My other clarinet teachers were probably less structured in their teaching. I remember Lurie's easy professionalism, sort of laid back, non-threatening and a fun person to play for. His approach to teaching might have seemed more casual than other teachers, but he had a way of passing on so much information, and life's experiences, in a very subtle way.

My master's degree is in flute, and I also had quite a few flute teachers along the way, too. Perhaps my most influential flute teacher was Bill Montgomery from the University of Maryland. He was the most highly structured teacher I ever experienced. From detailed markings in the music to motivation and career advice, Bill had his pedagogy clearly thought out. He was Mr. High Energy who was always "up" for your lessons, enthusiastic about your successes, capable of holding out the carrot a little further than you could reach, and highly detailed in the ways in which he explained the instrument. Bill was a complete musician who took great delight in providing you with all of the significant historical, stylistic and acoustic information about a piece of music and the instruments of the time. I must say that his manner of dedication and organization had a very strong impact on my burgeoning teaching career.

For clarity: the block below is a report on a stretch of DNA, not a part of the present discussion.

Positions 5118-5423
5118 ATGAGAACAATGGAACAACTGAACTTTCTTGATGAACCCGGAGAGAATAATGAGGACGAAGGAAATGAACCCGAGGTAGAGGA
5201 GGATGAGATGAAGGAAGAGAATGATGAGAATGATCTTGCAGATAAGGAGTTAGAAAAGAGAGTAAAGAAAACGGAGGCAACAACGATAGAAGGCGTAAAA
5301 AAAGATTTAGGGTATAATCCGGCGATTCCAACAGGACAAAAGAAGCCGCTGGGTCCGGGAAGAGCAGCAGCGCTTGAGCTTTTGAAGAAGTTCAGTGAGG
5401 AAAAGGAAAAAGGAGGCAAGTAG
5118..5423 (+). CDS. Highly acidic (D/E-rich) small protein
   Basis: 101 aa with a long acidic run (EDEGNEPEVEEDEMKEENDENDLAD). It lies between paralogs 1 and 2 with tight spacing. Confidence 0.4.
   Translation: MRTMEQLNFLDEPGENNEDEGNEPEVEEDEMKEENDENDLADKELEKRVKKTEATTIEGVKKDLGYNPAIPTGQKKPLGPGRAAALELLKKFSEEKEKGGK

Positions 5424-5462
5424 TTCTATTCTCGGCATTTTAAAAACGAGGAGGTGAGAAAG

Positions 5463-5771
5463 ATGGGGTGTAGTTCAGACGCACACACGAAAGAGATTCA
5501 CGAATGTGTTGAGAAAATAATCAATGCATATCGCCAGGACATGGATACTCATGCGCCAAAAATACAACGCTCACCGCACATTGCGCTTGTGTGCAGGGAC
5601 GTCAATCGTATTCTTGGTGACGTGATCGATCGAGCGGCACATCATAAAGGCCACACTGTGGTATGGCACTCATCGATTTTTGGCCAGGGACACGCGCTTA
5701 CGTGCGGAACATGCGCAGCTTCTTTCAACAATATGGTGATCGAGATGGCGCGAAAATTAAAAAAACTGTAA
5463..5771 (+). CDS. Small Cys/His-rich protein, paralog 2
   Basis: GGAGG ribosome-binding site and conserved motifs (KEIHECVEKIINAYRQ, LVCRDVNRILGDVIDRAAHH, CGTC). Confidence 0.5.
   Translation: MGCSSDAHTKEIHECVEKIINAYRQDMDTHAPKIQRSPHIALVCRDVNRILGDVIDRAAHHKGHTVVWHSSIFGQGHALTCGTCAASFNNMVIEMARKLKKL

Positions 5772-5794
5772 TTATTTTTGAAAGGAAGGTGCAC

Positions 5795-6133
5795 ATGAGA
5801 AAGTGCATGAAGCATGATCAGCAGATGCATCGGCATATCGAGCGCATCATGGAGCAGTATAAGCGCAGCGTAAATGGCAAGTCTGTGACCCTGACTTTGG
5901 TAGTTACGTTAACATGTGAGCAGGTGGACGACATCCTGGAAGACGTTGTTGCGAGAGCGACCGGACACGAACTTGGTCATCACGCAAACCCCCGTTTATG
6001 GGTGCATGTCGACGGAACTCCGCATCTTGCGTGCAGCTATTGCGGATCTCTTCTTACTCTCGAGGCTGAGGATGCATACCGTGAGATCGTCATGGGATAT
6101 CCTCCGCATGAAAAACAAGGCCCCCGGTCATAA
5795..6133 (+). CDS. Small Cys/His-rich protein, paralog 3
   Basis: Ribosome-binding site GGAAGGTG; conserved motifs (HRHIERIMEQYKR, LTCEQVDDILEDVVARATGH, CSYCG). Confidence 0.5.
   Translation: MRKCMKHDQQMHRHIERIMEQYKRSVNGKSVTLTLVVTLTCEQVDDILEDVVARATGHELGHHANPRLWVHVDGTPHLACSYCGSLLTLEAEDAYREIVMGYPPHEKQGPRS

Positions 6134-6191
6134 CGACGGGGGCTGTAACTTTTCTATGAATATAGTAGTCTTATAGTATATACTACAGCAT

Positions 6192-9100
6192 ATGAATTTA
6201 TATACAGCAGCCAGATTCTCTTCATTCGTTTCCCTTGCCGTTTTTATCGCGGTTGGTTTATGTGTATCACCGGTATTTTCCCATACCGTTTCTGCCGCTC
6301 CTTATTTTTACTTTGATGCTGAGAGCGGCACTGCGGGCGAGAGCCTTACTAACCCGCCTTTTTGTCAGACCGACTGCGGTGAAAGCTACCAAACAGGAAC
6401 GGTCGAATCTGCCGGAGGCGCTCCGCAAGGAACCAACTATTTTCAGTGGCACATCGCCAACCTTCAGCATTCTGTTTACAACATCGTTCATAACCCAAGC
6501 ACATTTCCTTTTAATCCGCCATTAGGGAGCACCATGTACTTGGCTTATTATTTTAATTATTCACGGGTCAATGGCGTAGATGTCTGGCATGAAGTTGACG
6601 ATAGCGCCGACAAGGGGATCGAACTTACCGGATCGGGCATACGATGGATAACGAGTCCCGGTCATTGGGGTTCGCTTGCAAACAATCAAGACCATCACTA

As a busy woodwind doubler in my twenties, I also worked with a couple of oboe teachers and saxophone teachers, too. Both the different acoustic properties and repertoire of these other instruments have had tremendous influences on my clarinet playing.

DEES: Is doubling something you recommend to your students?

KLUG: Yes. Once the basic approach to clarinet is relatively stable, I encourage them to work on the other instruments (bass and E-flat) in the family. By the time the students get to graduate school, if they have dreams of being a university teacher, I encourage the DM students to choose career-enhancing subjects for their minors. Since most entry-level college teaching positions require us to do a multiplicity of things (not just teach the clarinet), some of these other valuable skills are things like saxophone, music theory, basic musicianship, woodwind methods, and perhaps a little conducting. These are the kinds of activities I encourage my doctoral students to pursue to improve their employment possibilities. None of my current students, however, are doing any of the wacky doublings (flute, oboe) that I used to do.

DEES: You had mentioned briefly your lessons with Marcellus and Montgomery, their structure and method. Is that something you do in your own teaching?